Forgive ACC coaches if they’re starting to bristle when they hear national commentators talk about how the league is down.
We’ve arrived at the halfway point of the conference portion of the schedule and there are four ACC teams in the AP Top 25. Some observers expected more when the season began but no one expected North Carolina to experience such a bumpy ride.
Still, Boston College, Florida State and Maryland haven’t played to expectations, nor has Notre Dame. The Terps lost their starting point guard and the Irish lost one of their best players to academic issues. Yet, the revised ACC has supplied plenty of thrills for its fans.
Early on, traditional ACC fans must have scratched their heads when they scanned the Top 25 and saw mostly former Big East members Syracuse and Pittsburgh ranked higher than the old guard. Duke and Virginia have come on strong to uphold tradition and if I were a betting man, I wouldn’t count out the Tar Heels, who are showing signs of life with a recharged offense.
Yet, the national commentators seem to pick the league apart at every opportunity.
N.C. State coach Mark Gottfried took exception to those comments this week, defending the ACC. While there seems to be some separation by the top four: Syracuse, Duke, Virginia, and Pitt, Gottfried argues there’s not the great divide that some believe.
“I think our league is much better than perceived right now,” Gottfried said. “For example, Miami has played Syracuse twice and I think we all have great respect for Syracuse. And Miami has been right there with an opportunity to win twice.”
Syracuse is 22-0 and unanimously ranked No. 1 in the land. Yet, the Orange barely escaped the first meeting with Jim Larranaga’s Hurricanes, 49-44, then won 64-52 in a game that was closer than the score indicated in the rematch. Miami is 11-10 overall and tied for 14th place in the ACC standings with Boston College at 2-6 (prior to Tuesday night’s games).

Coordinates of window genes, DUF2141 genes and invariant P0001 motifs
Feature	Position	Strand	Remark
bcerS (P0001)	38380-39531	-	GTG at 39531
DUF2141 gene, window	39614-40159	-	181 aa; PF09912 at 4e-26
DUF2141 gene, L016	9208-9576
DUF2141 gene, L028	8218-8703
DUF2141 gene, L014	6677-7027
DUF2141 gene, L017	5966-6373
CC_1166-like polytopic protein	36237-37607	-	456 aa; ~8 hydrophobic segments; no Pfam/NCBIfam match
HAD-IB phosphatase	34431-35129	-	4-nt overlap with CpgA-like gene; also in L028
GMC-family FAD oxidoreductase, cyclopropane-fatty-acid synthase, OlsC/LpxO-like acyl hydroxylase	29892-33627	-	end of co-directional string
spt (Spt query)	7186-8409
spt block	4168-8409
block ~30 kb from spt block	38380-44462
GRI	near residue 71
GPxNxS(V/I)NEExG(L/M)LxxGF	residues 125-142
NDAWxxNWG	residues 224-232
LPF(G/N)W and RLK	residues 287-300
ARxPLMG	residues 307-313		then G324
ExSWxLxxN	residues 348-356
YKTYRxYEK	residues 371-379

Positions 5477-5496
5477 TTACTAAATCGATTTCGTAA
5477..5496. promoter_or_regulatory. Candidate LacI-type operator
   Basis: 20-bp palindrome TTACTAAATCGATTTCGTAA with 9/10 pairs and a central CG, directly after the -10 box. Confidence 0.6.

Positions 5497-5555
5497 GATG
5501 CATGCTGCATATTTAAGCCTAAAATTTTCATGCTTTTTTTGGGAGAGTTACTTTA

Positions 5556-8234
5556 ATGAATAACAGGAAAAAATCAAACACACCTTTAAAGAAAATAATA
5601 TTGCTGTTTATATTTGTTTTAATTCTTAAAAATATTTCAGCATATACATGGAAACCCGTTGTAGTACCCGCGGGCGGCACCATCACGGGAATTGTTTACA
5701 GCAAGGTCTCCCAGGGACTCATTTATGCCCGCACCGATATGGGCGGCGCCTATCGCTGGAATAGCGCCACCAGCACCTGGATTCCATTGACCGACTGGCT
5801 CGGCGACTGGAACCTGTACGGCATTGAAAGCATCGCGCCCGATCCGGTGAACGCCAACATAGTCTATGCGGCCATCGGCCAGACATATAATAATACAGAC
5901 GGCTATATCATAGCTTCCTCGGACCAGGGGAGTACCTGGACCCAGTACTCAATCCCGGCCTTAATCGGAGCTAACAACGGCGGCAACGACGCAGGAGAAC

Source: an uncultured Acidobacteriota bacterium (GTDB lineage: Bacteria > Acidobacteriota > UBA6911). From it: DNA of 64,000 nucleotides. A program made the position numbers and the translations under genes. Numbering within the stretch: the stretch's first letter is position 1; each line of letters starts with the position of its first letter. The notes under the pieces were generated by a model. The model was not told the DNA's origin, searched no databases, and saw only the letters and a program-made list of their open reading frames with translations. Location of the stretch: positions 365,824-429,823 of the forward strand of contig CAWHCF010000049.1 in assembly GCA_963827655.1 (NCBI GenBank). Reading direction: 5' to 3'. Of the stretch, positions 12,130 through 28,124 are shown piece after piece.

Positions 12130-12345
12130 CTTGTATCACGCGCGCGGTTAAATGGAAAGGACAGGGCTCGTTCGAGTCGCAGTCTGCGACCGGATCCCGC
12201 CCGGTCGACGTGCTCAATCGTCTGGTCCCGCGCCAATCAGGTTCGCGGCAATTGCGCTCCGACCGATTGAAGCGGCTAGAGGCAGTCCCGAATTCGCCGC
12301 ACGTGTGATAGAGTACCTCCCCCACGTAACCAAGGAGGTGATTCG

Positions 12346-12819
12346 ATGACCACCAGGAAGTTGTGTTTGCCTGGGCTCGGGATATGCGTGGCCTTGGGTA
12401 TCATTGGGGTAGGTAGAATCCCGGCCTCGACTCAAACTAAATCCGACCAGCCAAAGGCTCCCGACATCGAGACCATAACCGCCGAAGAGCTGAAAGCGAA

“I listen to national commentators and I was one [Gottfried was a basketball analyst for ESPN prior to taking the N.C. State job], and so I’m sensitive to this,” Gottfried said. “Well, Northwestern beats Wisconsin and we hear how great the Big Ten is. Something like that happens in our league and it’s because the ACC is down [according to commentators]. I realize four teams have pushed out to the front [of the ACC] but there’s not a lot of room for them to relax.”
Ask any of those coaches currently perched at the top, Jim Boeheim, Mike Krzyzewski, Tony Bennett and Jamie Dixon, how much sleep they get before an ACC game. Gottfried was right.
Take anyone for granted in this league and watch out. Show up without your ‘A’ game and good luck.
Larranaga, whose Miami program is rebuilding after winning the ACC last season, said Monday that the past weekend showed the quality of the conference with the instant classic Syracuse shootout win over Duke, and Virginia grinding its way past Pitt.
“We are in one heck of a basketball league,” Larranaga said. “I watched Duke at Syracuse and was riveted to the screen to the great excitement and talent in that game. Then Sunday, watching Virginia win at Pittsburgh, with the game going down to the wire.”